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Indigenous people's lives apparently don't matter to Gazette columnist

Ken Allred is offended that the Prime Minister has agreed to the findings of the National Inquiry into Missing and Murdered Indigenous Women, and has used the term “genocide” to describe the appalling pattern of murder of Indigenous women
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Ken Allred is offended that the Prime Minister has agreed to the findings of the National Inquiry into Missing and Murdered Indigenous Women, and has used the term “genocide” to describe the appalling pattern of murder of Indigenous women.

To old-school conservatives like Ken Allred, Indigenous people’s lives have never mattered very much. Oh, he may not be among the worst kind of conservatives, the kind who cheer the slaughter of Indigenous men like Colten Boushie, or who repeat the time-worn mantra “the only good Indian is a dead Indian” (a genocidal slogan if ever there was one). In this age of rising alt-right white nationalist violence, this type of attitude is becoming alarmingly more common. Even our own Member of Parliament quotes part of the manifesto of a deranged Islamophobic killer to make political points nowadays.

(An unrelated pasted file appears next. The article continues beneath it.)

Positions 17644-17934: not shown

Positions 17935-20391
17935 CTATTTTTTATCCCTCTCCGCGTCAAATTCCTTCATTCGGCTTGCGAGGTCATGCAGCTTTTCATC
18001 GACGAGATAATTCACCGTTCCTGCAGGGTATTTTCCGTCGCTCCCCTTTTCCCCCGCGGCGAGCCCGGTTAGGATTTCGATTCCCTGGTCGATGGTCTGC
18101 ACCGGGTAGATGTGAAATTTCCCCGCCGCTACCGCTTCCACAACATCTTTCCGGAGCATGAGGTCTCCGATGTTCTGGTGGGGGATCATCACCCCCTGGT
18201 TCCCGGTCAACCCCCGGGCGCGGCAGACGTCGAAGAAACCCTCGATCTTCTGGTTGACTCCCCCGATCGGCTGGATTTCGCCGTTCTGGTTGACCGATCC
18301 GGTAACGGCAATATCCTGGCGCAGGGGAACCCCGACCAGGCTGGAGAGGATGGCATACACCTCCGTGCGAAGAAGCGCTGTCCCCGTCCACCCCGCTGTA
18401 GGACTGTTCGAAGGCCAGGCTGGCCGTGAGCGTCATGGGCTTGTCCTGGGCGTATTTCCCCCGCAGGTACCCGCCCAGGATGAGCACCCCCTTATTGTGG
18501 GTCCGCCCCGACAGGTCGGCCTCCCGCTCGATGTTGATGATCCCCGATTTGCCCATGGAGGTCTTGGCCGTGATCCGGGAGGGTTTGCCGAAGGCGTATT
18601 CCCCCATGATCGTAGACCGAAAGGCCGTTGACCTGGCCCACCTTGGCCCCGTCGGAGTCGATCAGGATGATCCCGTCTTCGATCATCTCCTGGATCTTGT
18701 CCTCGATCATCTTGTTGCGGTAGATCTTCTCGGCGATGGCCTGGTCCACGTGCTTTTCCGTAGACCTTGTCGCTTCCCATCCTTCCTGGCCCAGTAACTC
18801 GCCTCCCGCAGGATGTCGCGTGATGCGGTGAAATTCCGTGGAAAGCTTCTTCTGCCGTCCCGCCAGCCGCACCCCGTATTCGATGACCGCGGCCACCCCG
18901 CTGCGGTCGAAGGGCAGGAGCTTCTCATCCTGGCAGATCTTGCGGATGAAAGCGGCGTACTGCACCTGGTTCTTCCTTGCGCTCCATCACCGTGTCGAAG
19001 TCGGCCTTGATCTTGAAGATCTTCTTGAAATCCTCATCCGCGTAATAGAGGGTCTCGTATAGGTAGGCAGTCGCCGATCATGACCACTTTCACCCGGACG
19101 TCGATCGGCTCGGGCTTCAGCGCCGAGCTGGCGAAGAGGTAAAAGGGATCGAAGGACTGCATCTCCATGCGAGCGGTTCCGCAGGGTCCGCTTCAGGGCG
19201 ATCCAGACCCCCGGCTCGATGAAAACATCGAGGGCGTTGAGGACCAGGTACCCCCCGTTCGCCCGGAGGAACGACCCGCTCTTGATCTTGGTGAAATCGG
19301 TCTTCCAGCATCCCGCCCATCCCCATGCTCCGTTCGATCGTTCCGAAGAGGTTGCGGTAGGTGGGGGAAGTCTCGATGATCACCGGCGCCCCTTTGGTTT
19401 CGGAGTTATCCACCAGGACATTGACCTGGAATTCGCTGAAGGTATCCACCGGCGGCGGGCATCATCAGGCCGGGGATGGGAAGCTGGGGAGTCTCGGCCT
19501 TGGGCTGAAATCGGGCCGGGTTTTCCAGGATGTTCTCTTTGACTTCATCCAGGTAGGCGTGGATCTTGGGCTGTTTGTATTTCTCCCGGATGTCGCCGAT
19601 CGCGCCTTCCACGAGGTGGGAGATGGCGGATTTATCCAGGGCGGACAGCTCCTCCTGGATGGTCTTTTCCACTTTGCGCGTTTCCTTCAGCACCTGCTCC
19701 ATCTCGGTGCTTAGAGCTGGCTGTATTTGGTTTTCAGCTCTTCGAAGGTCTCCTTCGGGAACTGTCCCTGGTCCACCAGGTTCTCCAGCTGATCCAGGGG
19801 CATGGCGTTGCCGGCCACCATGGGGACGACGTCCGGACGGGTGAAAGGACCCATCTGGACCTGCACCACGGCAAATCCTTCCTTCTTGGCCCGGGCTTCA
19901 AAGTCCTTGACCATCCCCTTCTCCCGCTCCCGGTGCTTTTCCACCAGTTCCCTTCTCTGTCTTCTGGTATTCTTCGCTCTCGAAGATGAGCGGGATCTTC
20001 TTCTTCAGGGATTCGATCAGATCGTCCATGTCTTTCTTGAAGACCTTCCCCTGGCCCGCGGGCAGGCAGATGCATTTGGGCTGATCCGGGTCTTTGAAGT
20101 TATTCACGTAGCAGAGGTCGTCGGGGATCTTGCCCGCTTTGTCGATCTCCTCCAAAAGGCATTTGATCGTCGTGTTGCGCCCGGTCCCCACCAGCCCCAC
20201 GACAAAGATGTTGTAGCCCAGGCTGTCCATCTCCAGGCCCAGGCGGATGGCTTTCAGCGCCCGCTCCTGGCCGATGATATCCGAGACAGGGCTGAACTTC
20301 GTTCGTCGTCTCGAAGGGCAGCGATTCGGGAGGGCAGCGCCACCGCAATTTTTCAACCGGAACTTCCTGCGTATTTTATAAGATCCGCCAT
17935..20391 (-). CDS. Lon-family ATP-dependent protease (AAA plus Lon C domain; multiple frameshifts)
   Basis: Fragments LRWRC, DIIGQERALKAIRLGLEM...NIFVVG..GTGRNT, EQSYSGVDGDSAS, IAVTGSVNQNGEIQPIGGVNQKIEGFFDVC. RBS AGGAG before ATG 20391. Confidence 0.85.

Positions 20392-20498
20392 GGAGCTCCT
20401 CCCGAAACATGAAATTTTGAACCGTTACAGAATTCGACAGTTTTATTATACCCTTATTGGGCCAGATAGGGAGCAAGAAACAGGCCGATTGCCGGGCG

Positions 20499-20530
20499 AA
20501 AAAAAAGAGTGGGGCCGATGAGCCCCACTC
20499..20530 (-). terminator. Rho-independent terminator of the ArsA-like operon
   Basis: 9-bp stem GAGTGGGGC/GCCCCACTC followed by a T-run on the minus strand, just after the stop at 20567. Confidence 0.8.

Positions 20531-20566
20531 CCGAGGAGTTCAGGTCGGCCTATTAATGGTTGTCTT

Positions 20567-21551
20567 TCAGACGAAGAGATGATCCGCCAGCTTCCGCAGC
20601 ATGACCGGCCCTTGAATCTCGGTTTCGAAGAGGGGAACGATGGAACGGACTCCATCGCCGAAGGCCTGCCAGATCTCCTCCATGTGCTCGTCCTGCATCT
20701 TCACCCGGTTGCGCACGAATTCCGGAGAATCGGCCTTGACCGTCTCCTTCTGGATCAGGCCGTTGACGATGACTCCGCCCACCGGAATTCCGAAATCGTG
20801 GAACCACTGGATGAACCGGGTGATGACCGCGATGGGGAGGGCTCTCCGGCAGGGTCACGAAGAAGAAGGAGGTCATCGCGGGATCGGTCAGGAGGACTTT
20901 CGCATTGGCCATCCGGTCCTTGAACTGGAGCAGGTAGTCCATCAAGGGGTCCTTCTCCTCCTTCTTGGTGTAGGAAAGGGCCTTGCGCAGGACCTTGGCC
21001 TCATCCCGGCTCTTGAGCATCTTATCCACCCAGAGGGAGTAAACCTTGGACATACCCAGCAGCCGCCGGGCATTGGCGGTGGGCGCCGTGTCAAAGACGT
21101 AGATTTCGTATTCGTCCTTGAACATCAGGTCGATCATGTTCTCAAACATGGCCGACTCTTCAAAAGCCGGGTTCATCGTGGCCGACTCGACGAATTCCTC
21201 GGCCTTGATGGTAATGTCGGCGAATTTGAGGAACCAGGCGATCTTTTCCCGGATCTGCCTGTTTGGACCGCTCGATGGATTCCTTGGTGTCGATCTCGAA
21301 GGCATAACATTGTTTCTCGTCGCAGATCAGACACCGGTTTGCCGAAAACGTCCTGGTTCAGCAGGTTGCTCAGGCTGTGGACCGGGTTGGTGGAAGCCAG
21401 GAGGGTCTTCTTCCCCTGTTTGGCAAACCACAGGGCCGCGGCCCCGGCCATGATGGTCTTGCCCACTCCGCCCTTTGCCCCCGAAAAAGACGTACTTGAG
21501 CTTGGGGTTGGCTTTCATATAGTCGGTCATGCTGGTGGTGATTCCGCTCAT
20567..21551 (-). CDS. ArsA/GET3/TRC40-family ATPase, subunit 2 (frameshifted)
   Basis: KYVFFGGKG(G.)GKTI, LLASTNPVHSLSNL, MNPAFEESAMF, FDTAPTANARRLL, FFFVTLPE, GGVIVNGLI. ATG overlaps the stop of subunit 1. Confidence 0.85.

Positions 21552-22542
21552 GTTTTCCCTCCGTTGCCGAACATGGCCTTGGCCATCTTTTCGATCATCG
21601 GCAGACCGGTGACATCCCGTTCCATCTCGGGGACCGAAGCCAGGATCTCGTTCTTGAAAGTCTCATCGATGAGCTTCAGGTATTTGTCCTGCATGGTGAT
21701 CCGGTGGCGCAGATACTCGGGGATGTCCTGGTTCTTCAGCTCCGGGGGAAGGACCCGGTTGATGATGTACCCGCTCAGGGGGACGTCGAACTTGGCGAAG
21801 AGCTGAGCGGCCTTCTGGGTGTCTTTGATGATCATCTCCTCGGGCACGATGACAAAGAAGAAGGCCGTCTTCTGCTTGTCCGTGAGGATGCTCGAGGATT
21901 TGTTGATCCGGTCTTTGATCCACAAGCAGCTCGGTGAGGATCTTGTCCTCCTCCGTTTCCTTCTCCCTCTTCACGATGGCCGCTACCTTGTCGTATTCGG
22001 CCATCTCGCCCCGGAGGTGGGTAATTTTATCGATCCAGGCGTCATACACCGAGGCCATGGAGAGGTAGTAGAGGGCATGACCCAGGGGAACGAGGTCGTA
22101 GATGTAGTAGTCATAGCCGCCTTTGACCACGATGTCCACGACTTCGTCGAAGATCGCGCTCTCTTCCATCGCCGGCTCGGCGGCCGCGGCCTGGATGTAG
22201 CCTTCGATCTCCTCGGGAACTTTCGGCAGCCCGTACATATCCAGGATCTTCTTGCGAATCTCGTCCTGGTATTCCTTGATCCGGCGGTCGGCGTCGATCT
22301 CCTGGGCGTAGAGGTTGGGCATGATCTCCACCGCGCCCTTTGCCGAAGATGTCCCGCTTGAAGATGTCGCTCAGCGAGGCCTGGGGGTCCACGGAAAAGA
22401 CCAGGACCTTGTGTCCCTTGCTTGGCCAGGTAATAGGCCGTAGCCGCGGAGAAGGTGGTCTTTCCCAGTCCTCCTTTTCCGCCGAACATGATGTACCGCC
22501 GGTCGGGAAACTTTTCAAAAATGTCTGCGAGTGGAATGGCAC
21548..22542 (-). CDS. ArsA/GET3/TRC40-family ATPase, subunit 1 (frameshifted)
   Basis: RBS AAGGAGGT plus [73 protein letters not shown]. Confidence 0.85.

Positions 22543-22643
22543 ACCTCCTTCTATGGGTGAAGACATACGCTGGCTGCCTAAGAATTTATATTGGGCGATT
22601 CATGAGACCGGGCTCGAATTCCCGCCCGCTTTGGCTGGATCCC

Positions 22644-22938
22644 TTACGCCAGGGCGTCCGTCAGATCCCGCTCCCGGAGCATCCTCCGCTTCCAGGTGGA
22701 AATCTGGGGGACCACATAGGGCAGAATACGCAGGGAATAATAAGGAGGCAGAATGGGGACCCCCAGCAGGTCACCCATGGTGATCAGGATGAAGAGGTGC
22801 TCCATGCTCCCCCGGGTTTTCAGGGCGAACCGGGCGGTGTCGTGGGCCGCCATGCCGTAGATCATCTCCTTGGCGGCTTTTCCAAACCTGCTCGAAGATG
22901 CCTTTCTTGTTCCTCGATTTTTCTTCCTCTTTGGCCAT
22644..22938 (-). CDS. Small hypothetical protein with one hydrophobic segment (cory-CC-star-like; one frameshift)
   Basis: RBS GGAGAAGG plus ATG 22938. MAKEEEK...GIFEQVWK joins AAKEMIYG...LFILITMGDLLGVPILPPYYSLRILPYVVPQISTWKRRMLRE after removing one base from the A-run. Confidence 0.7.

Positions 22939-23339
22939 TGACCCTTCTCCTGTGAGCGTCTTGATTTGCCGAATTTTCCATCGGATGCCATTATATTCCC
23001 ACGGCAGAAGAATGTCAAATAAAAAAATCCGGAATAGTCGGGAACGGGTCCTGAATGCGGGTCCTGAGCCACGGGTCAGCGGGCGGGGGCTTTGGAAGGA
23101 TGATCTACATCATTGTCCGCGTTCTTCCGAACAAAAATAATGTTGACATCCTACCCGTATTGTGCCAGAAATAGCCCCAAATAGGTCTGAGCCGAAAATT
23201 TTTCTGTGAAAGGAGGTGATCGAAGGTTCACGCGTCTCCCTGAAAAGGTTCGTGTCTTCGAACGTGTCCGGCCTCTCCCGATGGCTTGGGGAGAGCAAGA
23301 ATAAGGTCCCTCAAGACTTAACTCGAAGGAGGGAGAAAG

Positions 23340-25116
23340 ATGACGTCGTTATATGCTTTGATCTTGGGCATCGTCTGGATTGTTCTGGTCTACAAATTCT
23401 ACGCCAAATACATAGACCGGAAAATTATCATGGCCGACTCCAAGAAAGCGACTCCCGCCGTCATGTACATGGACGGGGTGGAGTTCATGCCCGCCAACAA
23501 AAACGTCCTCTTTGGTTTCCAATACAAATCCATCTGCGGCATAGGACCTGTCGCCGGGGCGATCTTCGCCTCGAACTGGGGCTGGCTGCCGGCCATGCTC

Allred concedes that the police’s racist policy of sweeping these murders under the rug is a source of “frustration” for native groups. Yes, how “frustrating” that hundreds, even thousands of women are reported murdered and missing, and the prevailing attitude of the police and non-Indigenous society is “who cares?” This uncaring attitude isn’t genocidal enough for Allred, apparently. When two young white tourists are murdered in a remote location in British Columbia it becomes major national news. Hundreds of Indigenous women? Not so much.

Allred even admits that qualifying these targeted murders as “genocide” actually increases the contempt he feels for Indigenous people. “It creates more disrespect for the Indigenous community than it does sympathy.” Expecting sympathy for the murders of Indigenous women? Not likely, judging from Allred’s subjective evaluation of his own beliefs.

Allred concludes by complaining that Aboriginal issues are being confronted by litigation rather than negotiation. Allred doesn’t seem to care about whether these issues will ever be addressed, since decades of negotiation have led nowhere. But that’s fine. Allred seems perfectly content with the current climate of inaction that is leading to the systematic murder of a targeted racial group and the social and judicial system that allows it. Just as long as we don’t hurt his poor little feelings by calling it “genocide.”

Richard Banville, St. Albert




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